The recovery audit firm is also reviewing payments from the State Employees Insurance Board to Blue Cross for medical insurance coverage, but that is not as far along.
The board's executive director, William Ashmore, said, "We have not received a final report. As soon as we received a final report, we will present it to the board for appropriate action."
Ashmore said he doesn't know when that will occur. "We'd love to get it as soon as possible because we'd like to recover this money for the state," he said.
He said $5 million is a lot of money, but it is less than 1 percent of the $1.5 billion that the board has spent with Blue Cross Blue Shield of Alabama over the three-year period under review.
Blue Cross vice president Koko Mackin said the company has provided all information requested for the pharmacy and medical recovery audits. She said the company has not received a completed audit or request for reimbursement.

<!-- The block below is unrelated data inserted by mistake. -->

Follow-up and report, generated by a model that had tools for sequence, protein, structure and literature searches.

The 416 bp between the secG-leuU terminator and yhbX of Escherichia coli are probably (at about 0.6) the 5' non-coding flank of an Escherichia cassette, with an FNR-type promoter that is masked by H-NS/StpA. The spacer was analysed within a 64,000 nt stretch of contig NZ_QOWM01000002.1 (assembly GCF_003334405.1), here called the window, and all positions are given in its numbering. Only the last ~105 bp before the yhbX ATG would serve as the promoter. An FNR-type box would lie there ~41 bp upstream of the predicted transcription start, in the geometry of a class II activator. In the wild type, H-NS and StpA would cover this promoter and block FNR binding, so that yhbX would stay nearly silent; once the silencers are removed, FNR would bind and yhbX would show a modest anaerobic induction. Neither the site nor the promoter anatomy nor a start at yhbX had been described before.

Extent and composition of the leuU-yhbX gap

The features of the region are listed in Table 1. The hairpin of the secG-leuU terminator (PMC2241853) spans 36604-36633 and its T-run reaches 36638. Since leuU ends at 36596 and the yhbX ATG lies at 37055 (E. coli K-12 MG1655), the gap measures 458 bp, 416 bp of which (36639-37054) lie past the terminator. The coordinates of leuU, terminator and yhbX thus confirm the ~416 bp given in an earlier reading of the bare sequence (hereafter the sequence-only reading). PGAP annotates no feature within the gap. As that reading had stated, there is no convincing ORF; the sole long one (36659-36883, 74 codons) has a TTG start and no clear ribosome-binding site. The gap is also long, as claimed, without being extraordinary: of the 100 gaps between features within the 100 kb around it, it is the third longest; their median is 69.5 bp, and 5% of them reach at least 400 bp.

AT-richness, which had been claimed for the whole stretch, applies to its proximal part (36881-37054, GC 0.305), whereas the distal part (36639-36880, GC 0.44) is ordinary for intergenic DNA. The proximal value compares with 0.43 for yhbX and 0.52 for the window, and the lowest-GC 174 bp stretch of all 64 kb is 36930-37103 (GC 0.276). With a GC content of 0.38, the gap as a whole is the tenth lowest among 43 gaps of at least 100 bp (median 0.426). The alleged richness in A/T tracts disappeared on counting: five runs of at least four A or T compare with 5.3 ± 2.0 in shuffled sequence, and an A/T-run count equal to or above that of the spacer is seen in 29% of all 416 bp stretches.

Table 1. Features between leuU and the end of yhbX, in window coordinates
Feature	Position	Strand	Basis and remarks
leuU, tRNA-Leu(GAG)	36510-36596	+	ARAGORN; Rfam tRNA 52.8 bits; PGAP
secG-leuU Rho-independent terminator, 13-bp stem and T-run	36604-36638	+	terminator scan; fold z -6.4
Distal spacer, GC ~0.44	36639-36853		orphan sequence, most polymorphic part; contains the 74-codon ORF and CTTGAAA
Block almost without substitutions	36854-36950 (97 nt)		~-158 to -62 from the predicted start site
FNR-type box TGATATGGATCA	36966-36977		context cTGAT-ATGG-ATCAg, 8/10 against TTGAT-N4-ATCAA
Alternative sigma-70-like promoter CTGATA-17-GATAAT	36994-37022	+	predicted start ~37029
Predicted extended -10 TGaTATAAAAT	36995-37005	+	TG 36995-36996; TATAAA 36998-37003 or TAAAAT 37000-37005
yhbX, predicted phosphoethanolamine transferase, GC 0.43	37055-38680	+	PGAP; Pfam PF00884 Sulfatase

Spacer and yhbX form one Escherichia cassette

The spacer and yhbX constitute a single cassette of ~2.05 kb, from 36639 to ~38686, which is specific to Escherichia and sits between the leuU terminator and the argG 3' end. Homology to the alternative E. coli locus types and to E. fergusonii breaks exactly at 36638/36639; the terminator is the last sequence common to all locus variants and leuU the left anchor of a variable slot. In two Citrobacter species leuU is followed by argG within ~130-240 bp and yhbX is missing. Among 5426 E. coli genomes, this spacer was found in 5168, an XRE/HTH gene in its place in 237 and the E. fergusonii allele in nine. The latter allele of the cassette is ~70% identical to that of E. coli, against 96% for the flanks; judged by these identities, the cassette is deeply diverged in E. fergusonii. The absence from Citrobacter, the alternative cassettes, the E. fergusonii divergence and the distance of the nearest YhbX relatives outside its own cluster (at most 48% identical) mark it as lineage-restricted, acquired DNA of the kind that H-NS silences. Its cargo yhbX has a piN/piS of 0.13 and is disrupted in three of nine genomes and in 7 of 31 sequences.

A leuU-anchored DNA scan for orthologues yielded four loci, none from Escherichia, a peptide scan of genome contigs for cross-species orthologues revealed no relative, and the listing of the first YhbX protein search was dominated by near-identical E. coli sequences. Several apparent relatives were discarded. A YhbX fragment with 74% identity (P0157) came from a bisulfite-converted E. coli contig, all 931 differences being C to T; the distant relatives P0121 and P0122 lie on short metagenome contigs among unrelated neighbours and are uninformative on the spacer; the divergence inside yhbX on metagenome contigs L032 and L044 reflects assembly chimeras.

"Any discussion of segments of an incomplete audit would be inappropriate at this time," she said Friday.
Jones said the federal government has used recovery audits for years. Some state agencies have also initiated their own recovery audits in the past. But this is the first organized recovery audit process for state government as a whole, he said.
He and Marsh said the audits started with the health care programs for state employees and public school employees because they are such a big expense for the state. The next step, they said, is to look at health care expenses at public universities.